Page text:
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You are Invited to a Canine Science Conference
with free live streaming

If you think I’m beginning to sound like a broken record, Thank You!

That means you stopped by Dog Spies in May 2013 and read a post with the same title. But that was #SPARCS2013, and this is #SPARCS2014; same concept, different location, topics and speakers. During this year’s 3-day event, June 20-22 2014, leading canine researchers will cover three general areas of research that get at the core of what it’s like to be a dog:

Topics that many dogs are sometimes better acquainted with than their humans:

SPARCS is a unique venture organized by Prescott Breeden of The Pawsitive Packleader, Seattle Dog Training and Arizona State University Canine Science Collaboratory. From June 20-22, 2014, anyone in the world can see some of the leading canine science researchers in action — either in-person in Newport, RI, or via free Live Stream to your living room (or bathroom, if that’s where you prefer to take your canine science).

SPARCS is short for the Society for the Promotion of Applied Research in Canine Science, which aptly summarizes the conference goals: (1) to promote research and education in canine science, and (2) to provide a platform for leading minds in canine science to present, discuss and debate modern behavior science. It is an international initiative to discuss what is known (and not known) about dog behavior, biology and cognition. No hooey included.

As a new addition to #SPARCS2014, Do You Believe in Dog? — featuring myself and fellow canine researcher Mia Cobb — will moderate. In conferences, I find that all the great info being discussed moves very fast. A question pops into your mind and you need clarification, but the speaker is already on the next topic.

At #SPARCS2014, Do You Believe in Dog? will act as your pause button, fielding questions and expanding on speaker content. We’ll monitor questions and comments on social media, moderate the daily panel at the end of each day (posing your pressing questions and diving into hot-button topics), and we’ll hold post-talk interviews with each speaker (of course, speakers should be prepared to field questions on Ryan Gosling and his dog). We’re putting a large emphasis on engaging both the live and online audiences, so follow along at @DoUBelieveInDog and #SPARCS2014.

Here are the #SPARCS2014 featured speakers along with their respective talks topics. Visit the conference webpage for talk abstracts and learning goals:

Ray Coppinger, PhD
Aggression: Not a unitary behavior.

Why do breeds of dogs behave differently? > Julie comment: No simple answer here!

Simon Gadbois, PhD
The neuroscience, ethology and semiotics of social behaviour: Get your ethograms and semiograms ready! –> Julie comment: If you know what an ethogram is (without googling it!) I’ll give you a gold star! Here’s a brief introduction to ethograms at Do You Believe in Dog?

Applied canine olfactory processing: What trainers need to know beyond learning theory.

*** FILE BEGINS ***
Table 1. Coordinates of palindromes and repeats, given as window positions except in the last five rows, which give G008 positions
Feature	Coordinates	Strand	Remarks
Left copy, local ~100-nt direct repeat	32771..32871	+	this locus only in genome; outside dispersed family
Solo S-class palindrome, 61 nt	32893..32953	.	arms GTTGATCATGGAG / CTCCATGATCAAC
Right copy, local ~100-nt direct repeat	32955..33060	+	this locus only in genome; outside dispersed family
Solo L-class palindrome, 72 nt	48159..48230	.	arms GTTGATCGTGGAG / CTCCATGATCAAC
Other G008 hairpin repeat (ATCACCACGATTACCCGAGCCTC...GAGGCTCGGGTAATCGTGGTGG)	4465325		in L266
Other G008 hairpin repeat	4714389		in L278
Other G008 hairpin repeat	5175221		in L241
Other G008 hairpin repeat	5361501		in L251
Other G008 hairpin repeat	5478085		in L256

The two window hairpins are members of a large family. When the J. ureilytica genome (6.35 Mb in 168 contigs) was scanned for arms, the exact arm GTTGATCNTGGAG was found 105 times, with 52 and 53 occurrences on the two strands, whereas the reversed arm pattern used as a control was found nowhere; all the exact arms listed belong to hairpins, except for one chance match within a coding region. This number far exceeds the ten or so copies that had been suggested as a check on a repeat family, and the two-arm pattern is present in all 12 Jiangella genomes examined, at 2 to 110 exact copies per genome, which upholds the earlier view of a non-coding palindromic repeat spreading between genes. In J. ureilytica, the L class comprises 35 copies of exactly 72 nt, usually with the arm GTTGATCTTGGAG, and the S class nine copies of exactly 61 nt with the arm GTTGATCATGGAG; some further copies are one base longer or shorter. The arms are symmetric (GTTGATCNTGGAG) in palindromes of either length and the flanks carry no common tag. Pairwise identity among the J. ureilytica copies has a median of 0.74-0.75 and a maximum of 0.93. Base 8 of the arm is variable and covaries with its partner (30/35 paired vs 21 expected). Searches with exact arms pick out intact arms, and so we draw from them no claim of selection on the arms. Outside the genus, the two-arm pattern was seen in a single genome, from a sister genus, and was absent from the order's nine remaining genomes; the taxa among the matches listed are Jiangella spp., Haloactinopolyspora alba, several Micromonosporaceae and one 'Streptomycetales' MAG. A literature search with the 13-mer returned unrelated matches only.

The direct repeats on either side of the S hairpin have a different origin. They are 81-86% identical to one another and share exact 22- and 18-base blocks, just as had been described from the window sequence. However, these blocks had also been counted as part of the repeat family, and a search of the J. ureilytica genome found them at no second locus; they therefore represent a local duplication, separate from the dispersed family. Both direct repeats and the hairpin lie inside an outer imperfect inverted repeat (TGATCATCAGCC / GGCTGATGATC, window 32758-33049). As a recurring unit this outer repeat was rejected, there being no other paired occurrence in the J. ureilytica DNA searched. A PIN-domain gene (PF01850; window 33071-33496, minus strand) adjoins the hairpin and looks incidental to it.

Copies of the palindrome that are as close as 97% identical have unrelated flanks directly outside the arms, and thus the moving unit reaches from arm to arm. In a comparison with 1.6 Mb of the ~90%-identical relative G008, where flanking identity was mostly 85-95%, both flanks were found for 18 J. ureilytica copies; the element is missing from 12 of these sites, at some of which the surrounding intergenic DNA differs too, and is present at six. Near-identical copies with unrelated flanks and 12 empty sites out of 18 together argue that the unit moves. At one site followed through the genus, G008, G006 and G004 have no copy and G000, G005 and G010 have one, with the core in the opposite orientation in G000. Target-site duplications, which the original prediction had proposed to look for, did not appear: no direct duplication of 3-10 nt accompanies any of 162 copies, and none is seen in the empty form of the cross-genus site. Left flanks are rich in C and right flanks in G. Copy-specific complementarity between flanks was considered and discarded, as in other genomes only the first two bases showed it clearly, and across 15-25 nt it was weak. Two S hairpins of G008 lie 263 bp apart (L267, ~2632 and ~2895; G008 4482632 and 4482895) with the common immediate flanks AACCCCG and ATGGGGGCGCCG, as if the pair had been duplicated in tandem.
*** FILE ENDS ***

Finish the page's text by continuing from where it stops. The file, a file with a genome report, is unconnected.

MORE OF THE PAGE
It is not what you like, but what you want that counts: The neurochemistry of behaviour and motivation.
 

Sam Gosling, PhD

Overview of research on temperament and personality of dogs.
 

Kathryn Lord, PhD

Barking and conflict.
 

Patricia McConnell, PhD

 I see what you’re saying: Translating conflict-related visual signals.

Coyotes, Koalas and Kangaroos: What the behavior of other animals can teach you about your dog –> Julie comment: I haven’t seen a talk with this scope before!

James Serpell, PhD

 Individual and breed differences in aggression

What the C-BARQ can tell us about human temperament –> Julie comment: C-BARQ stands for Canine Behavioral Assessment and Research Questionnaire. Get acquainted with it here.

The influence of owner/handler personality on the behavior of dogs
 

Monique Udell, PhD

Integrating ethology, learning theory & cognition in animal training
 

Clive Wynne, PhD

Does the name Pavlov ring a bell? > Julie comment: I’m sure trainers and owners want to know, “Do some approaches to dog behavior have more of a basis in learning theory than others?

Prescott Breeden, BM, CCS

The phenotype of molecules: Why nature vs. nurture is the wrong question  –> Julie comment: And the right question is

#SPARCS2014 also features short presentations from emerging researchers. Check out the SPARCS Facebook page for speakers and topics.

Each year, the SPARCS conference and initiative is made possible by you. “Donations are absolutely optional however graciously appreciated. Check out donation and membership opportunities.

Stay in touch with the SPARCS initiative on Facebook and Twitter.

Did you catch #SPARCS2013? Maybe you watched the Free Livestream or even attended in person. What was it like? And what are you looking forward to at #SPARCS2014?

This article first appeared on Dog Spies, Scientific American. Used with permission.

 

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Julie Hecht, MSc, is a canine behavioral researcher and science writer in New York City. She writes a behavior column for The Bark. She would really like to meet your dog. Follow on Dog Spies at Facebook and Twitter @DogSpies | DogSpies.com

Images: SPARCS, Do You Believe in Dog? and Dog Spies.

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